In Northern Genabackis, a raiding party of savage tribal warriors descends from the mountains into the southern flatlands. Their intention is to wreak havoc amongst the despised lowlanders, but for the one named Karsa Orlong, it marks the beginning of what will prove to be an extraordinary destiny.
Some years later, it is the aftermath of the Chain of Dogs. Tavore, the Adjunct to the Empress, has arrived in the last remaining Malazan stronghold of Seven Cities. New to command, she must hone 12,000 soldiers, mostly raw recruits but for a handful of veterans of Coltaine's legendary march, into a force capable of challenging the massed hordes of Sha'ik's Whirlwind, who lie in wait in the heart of the Holy Desert.
But waiting is never easy. The seer's warlords are locked into a power struggle that threatens the very soul of the rebellion, while Sha'ik herself suffers, haunted by the knowledge of her nemesis: her own sister, Tavore.
And so begins this awesome chapter in Steven Erikson's acclaimed Malazan Book of the Fallen.
©2002 Steven Erikson (P)2013 Brilliance Audio, all rights reserved.
from planet of the geeks
Another great fantasy book made barely listenable by bad narration. It can't say how disappointed I was to see who the new reader was. If Page had narrated these books from the beginning I would have given up.
Story wise, if you've come this far in the Malazan series,you know what you're going to get: great characters, an intricate plot, high magic, and brutal warfare building up to an amazing ending.
This is fantasy at the most absolutely epic end of the genre.
This book brings together so many threads that have been building over the course of the first 4 books, and once you see how intricately structured the tale is that Erikson is telling, the scope is astounding. It is hard to imagine the work that went into planning this story. This was the first book where I really felt like I knew what was going on throughout the vast majority of the book, and so I think I enjoyed it a lot more, even more than Memories of Ice, perhaps.
The first 270 pages or so are a masterpiece of epic fantasy writing, showing that in fact Erikson CAN write one single storyline without diverging into dozens of sub-characters and plots. The writing is tight, and it's hard to imagine anything being cut. When it is over it's actually a bit disappointing that we have to get on with the main storyline, which is of course, the war that's been brewing between the rebellion of Seven Cities and the Malazan Empire. As the tale progresses, I really felt that I had a grasp on most of the key players, and I think this is in part to Erikson finally revealing tons and tons of backstory and explanations of the various plots that are going on. Although unexpected things are constantly occurring, it seems that an overall picture of the storyline is now becoming clearer. After this we reach a kind of pause for breath, as the fifth book starts a new tale on a new continent that will eventually tie into the whole storyline.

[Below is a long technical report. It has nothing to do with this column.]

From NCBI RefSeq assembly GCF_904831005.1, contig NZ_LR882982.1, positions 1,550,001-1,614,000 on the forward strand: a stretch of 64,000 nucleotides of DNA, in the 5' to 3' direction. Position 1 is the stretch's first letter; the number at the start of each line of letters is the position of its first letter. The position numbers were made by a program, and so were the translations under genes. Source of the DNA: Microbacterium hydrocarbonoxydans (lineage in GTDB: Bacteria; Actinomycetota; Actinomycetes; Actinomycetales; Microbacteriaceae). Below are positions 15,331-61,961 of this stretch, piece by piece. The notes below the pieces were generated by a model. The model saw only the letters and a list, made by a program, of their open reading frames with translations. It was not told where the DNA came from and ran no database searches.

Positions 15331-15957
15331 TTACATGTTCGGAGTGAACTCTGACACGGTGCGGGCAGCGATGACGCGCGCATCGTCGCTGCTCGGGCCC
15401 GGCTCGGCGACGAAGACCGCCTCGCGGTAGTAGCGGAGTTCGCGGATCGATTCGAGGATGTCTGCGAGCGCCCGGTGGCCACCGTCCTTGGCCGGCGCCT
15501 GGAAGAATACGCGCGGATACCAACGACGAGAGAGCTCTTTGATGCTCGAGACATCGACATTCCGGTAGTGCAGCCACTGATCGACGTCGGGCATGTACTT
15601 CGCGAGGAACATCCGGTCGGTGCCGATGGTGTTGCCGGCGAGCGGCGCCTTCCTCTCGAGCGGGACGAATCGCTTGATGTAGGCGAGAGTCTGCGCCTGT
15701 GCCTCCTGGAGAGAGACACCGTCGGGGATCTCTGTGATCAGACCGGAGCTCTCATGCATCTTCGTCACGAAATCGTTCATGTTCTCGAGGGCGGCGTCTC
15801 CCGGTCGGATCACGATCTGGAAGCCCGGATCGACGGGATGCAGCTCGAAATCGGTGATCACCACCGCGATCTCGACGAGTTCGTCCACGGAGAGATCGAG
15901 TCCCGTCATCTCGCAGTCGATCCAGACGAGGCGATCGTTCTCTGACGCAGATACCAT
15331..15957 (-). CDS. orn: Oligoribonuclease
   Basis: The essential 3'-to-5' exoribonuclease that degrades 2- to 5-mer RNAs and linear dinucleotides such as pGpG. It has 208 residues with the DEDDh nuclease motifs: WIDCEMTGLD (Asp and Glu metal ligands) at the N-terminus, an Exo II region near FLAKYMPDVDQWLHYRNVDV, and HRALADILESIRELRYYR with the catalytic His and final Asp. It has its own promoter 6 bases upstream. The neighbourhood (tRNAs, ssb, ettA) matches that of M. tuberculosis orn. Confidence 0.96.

The interesting thing is that while there are definitely some good characters and some evil characters, and thankfully the good guys (generally) make it out all right in the end and the evil guys get their comeuppance, there are a host of characters that fall between categories, as it seems in real life, who are "gray" and you do eventually come to understand their motivations and positions, even if you may have hated them at first. I think this tempers the fact that we cannot get quite as much character development at an individual scale when dealing with such a large dramatis personae. The main characters feel like they have some deep backstories that are simply not yet revealed, driven by excellent dialogue and POV moments, plus insights from other characters watching from the sidelines.